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Orlando Update - Day 1

by Pat Hagan

If you're cruising from one of Florida's four ports, Orlando is only a short flight or drive away, looming as a potential pre- or post-cruise destination. But many cruisers might not even consider this option, figuring there's nothing there but Mickey Mouse and a bunch of kiddy-oriented theme parks, with employees running around in oversized animal outfits.

I beg to differ. I recently spent four days in the Orlando area looking for other attractions beyond the thrill rides and kiddy attractions at the parks. I was pleasantly surprised to discover there is a lot more--fun things to do, good restaurants, nice accommodations, different kinds of entertainment, and, of course, shopping.

Tourism is a huge business here: Orlando receives more than 42 million visitors annually, with a total economic impact of $19.7 billion. Although it was hit hard by 9/11 and the recession, officials expect to see recovery in the second half of 2002.

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My traveling companion and I arrived on a Thursday afternoon at the beautiful Orlando International Airport. We rented a car, and, after fifteen minutes of easy traffic and $4 in tolls on Highway 417 heading southeast, we arrived in Lake Buena Vista. This is the heart of the theme parks--Magic Kingdom, Epcot, Typhoon Lagoon Water Park, DisneyQuest, Disney-MGM Studios, Disney's Animal Kingdom, SeaWorld, Universal Studios, Downtown Disney and Pleasure Island.

We stayed at the Holiday Inn Family Suites Resort for the first three nights. This 24-acre complex is a godsend for families with kids and a tight budget. A free hot breakfast buffet is served daily. Other amenities include a game room, nightly entertainment, and a Foodland Express court featuring Pizza Hut and A&W restaurants, as well as casual dining in the Club Car (where kids 12 and under eat free), and the Caboose Bar & Lounge for the over-21 crowd. The resort has two huge pools and a fitness center, and rates begin around $129.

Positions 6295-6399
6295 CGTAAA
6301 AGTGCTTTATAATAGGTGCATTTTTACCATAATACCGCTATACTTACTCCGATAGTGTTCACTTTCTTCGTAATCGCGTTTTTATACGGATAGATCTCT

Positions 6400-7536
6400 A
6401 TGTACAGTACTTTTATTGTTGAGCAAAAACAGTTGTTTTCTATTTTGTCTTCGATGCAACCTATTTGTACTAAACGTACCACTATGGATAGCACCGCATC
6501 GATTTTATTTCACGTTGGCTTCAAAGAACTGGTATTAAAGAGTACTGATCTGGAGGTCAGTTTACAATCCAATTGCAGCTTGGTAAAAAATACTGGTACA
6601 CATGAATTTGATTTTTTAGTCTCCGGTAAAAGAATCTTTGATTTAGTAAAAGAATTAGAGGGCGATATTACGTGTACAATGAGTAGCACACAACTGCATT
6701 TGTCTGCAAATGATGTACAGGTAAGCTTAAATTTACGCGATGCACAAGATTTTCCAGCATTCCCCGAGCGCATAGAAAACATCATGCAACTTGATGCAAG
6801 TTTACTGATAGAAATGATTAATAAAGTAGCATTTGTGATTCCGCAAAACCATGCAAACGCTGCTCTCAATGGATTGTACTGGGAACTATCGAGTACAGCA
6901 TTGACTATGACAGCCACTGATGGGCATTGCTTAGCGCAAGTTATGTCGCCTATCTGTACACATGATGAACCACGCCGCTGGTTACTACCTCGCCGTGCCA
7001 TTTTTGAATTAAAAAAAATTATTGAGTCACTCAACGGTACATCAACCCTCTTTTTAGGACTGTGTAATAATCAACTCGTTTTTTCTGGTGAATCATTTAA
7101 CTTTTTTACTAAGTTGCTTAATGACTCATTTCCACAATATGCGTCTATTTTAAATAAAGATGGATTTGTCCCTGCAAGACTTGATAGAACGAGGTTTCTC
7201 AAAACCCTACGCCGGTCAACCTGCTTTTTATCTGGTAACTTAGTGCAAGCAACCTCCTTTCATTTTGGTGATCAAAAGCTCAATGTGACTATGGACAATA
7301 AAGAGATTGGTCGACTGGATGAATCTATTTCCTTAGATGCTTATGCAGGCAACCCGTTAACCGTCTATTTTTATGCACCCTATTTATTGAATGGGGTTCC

I would recommend this resort for families, but I'd advise older couples and those without kids to request a room in a special adult-style suite or stay elsewhere. Unfortunately, our room was over the pool, which was filled with kids from as early as 6 a.m. to midnight, so we didn't get much rest. Moreover, the walls between rooms are very thin, and we had to listen to a crying baby all night.

We had heard so much about Downtown Disney and its 70 shopping, entertainment, and dining choices that we decided to put on our dancing shoes, unleash our appetites, and spend our first night on the town there. However, we quickly realized that we could have used a whole day plus the night. There was that much to see and do, beginning with the dazzling Cirque du Soleil La Nouba. Created especially for Disney, the 90-minute extravaganza should not to be missed. There are shows daily at 6 and 9 p.m. Admission is $67 plus tax for adults and $39 for children ages 3-9. And try to find time for DisneyQuest, an indoor interactive theme park with five floors of virtual fun for the whole family.

The House of Blues is a major venue for fun, offering Cajun-style cooking and live music. Prices are reasonable for the area. Additional restaurants include Planet Hollywood, Bongo's Cuban Cafe (where we had one of the best Cuban sandwiches ever), and the delightful Rainforest Cafe with its tropical ambience.

For more upscale dining, there is Wolfgang Puck's with its California cuisine offerings, and "Cap'n Jack's" with a nautical motif and delicious "fishbowl margaritas." We also stopped in at Fulton's Crab House and made a note to dine there on our next visit, because the menu looked great and reasonable in price.

Downtown Disney has an abundance of other food places, like the Candy Cauldron, where, after watching caramel apples being made, we could not walk away without sampling! Also tempting was Ghirardelli's Chocolate shop, the Gourmet Pantry and bakery, and a quaint place called "4Thirst", serving up freshly made coffee, cappuccino, espresso, fruit juice, and smoothies.

For shoppers, the Downtown Disney Marketplace has the world's largest LEGO store, as well as the biggest Disney store on the planet. All the many specialty shops and attractions here are centered on beautiful Lake Buena Vista lagoon.

By the time we walked over to Pleasure Island, we were pretty tired. But we quickly came alive as night approached, discovering still more exciting places to visit, like eight unique clubs and a loud, rollicking street party.

In the next page of our diary--Day 2--I will report on all the terrific offbeat shopping havens we found during the day and some more fun places to eat. And we'll check out what's available in the nightlife district of downtown Orlando known as Church Street Station.

continued...  Day 2
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